Forum Springer Astron. Astrophys.
Forum Whats New Search Orders

Astron. Astrophys. 358, 428-432 (2000)

Table of Contents
Available formats: HTML | PDF | (gzipped) PostScript

Parsec-scale jet behavior of NRAO 190 after a [FORMULA]-ray outburst in August 1994

A. V. Yurchenko 1, S. G. Marchenko-Jorstad 1,2 and A. P. Marscher 2

1 Institute for Astronomy, St. Petersburg State University, Bibliotechnaya pl. 2, 198904 St. Petersburg, Russia
2 Institute for Astrophysical Research, Boston University, 725 Commonwealth Ave., Boston, MA 02215, USA

Received 15 July 1998 / Accepted 31 January 2000


We present the results of a three-year Very Long Baseline Array (VLBA) imaging campaign on the bright blazar NRAO 190 after it was identified as a source of a prominent [FORMULA]-ray flare detected in August 1994 by the EGRET instrument on the Compton Gamma Ray Observatory (McGlynn et al. 1997). The source was observed at 22 GHz at 5 epochs and at 43 GHz once. As is typical for blazars, our results show a one-sided jet structure dominated by a bright, unresolved core with a prominent but gradually weakening knot moving down the jet with an apparent velocity of [FORMULA]c, ([FORMULA] km s-1 Mpc[FORMULA]). The time of ejection of this knot can be extrapolated, to within the errors, to the epoch of the aforementioned [FORMULA]-ray flare. We interpret our results in terms of the "standard" relativistic shocked jet model (Blandford & Königl 1979; Marscher & Gear 1985). The angular resolution of the VLBA, together with the results of Metsähovi 22 GHz total flux monitoring, allow us to examine the brightness variations of separate source components. During the time of our monitoring, we observed the evolution of the source shortly after the peak of a major outburst and also during and after a lower amplitude flare. The first event created a strong, superluminally moving component, while the latter produced no significant changes in the jet structure. The characteristics of the jet were therefore different in the aftermath of each flare, possibly because the first disturbance generated rarefactions in its wake.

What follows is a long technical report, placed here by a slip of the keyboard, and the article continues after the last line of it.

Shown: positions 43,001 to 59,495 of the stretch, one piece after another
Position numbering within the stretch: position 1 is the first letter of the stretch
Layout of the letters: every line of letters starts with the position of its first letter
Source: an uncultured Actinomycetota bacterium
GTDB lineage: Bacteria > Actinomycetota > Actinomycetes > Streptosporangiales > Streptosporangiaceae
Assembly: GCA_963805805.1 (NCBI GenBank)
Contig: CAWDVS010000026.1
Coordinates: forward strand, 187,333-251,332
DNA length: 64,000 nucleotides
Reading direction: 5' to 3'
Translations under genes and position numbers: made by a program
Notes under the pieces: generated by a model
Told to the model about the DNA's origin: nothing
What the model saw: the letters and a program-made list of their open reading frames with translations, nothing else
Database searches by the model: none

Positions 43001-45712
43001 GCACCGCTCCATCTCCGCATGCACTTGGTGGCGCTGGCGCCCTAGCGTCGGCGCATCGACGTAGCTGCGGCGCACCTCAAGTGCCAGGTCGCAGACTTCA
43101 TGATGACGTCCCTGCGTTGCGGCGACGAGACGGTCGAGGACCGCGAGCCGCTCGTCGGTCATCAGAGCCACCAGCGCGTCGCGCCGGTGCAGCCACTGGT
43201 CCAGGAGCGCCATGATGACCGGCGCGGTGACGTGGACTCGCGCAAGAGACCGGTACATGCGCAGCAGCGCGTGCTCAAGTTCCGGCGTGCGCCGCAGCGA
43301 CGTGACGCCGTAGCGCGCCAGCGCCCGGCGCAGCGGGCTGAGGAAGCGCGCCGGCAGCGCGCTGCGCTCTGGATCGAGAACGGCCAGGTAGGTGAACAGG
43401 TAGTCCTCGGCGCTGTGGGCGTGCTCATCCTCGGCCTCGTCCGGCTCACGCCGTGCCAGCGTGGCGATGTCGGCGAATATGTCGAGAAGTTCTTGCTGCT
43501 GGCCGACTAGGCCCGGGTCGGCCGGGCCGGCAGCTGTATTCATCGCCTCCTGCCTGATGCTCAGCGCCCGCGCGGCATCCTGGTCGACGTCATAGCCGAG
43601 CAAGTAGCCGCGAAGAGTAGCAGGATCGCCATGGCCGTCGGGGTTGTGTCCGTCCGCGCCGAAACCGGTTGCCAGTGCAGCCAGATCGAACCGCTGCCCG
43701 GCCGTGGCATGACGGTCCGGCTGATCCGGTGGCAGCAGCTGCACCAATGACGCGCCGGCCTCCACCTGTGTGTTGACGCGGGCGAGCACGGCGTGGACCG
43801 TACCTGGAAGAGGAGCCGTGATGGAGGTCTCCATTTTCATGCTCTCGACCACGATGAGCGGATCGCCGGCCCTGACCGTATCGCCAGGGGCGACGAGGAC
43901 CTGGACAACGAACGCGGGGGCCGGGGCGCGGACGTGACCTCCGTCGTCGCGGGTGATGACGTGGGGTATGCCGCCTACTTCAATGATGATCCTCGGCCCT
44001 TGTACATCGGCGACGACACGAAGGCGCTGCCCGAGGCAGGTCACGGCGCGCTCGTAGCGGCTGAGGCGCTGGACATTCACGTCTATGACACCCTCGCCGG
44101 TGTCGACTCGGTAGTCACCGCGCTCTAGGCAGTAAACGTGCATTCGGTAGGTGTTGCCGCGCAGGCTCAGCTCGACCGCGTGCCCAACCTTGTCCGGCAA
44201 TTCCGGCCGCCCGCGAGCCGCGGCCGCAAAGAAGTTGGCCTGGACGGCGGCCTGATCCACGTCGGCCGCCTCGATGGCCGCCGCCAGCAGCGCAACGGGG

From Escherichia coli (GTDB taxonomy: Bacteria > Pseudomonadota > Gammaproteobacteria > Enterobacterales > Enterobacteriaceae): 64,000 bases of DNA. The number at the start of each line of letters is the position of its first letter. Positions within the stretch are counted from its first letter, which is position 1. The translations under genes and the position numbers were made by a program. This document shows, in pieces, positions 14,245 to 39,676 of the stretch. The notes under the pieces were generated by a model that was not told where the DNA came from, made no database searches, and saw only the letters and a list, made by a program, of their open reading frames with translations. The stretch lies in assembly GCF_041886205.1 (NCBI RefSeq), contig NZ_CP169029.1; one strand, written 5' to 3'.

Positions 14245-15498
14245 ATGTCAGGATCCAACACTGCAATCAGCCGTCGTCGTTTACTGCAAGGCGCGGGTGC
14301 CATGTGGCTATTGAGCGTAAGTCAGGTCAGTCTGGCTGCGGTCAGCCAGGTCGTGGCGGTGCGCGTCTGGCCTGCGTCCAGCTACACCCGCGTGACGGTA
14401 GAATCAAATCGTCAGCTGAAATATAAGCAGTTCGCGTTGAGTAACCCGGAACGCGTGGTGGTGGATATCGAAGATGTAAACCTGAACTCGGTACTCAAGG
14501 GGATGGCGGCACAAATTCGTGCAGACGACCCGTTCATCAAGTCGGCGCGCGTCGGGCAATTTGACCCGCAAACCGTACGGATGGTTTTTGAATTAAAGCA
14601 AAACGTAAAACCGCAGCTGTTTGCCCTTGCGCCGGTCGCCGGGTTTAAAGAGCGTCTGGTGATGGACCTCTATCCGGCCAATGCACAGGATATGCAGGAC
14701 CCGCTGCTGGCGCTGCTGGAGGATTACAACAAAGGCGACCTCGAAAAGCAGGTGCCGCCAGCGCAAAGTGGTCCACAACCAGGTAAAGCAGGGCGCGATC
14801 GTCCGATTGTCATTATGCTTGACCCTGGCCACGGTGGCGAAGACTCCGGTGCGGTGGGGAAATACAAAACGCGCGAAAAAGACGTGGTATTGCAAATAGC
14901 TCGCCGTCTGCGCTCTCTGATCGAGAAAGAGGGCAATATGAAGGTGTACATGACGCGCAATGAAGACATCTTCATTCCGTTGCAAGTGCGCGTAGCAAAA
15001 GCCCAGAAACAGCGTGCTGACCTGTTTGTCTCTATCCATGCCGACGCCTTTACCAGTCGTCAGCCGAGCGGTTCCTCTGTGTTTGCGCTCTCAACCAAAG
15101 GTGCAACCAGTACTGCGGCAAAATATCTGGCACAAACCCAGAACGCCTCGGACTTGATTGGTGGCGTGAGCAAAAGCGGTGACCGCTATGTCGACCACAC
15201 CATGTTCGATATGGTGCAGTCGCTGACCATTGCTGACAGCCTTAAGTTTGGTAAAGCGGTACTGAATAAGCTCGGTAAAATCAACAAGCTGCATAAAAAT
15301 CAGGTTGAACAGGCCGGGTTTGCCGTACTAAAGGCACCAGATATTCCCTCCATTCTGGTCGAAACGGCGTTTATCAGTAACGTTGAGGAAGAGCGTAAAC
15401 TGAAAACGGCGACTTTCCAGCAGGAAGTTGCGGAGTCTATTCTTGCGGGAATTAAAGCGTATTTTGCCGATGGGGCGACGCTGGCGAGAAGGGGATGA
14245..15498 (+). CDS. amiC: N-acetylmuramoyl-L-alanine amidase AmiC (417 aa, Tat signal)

Key words: galaxies: active – galaxies: jets – galaxies: quasars: individual: NRAO 190 – radiation mechanisms: non-thermal – shock waves

Send offprint requests to: S.G. Marchenko-Jorstad (jorstad@rjet.bu.edu)

© European Southern Observatory (ESO) 2000

Online publication: June 8, 2000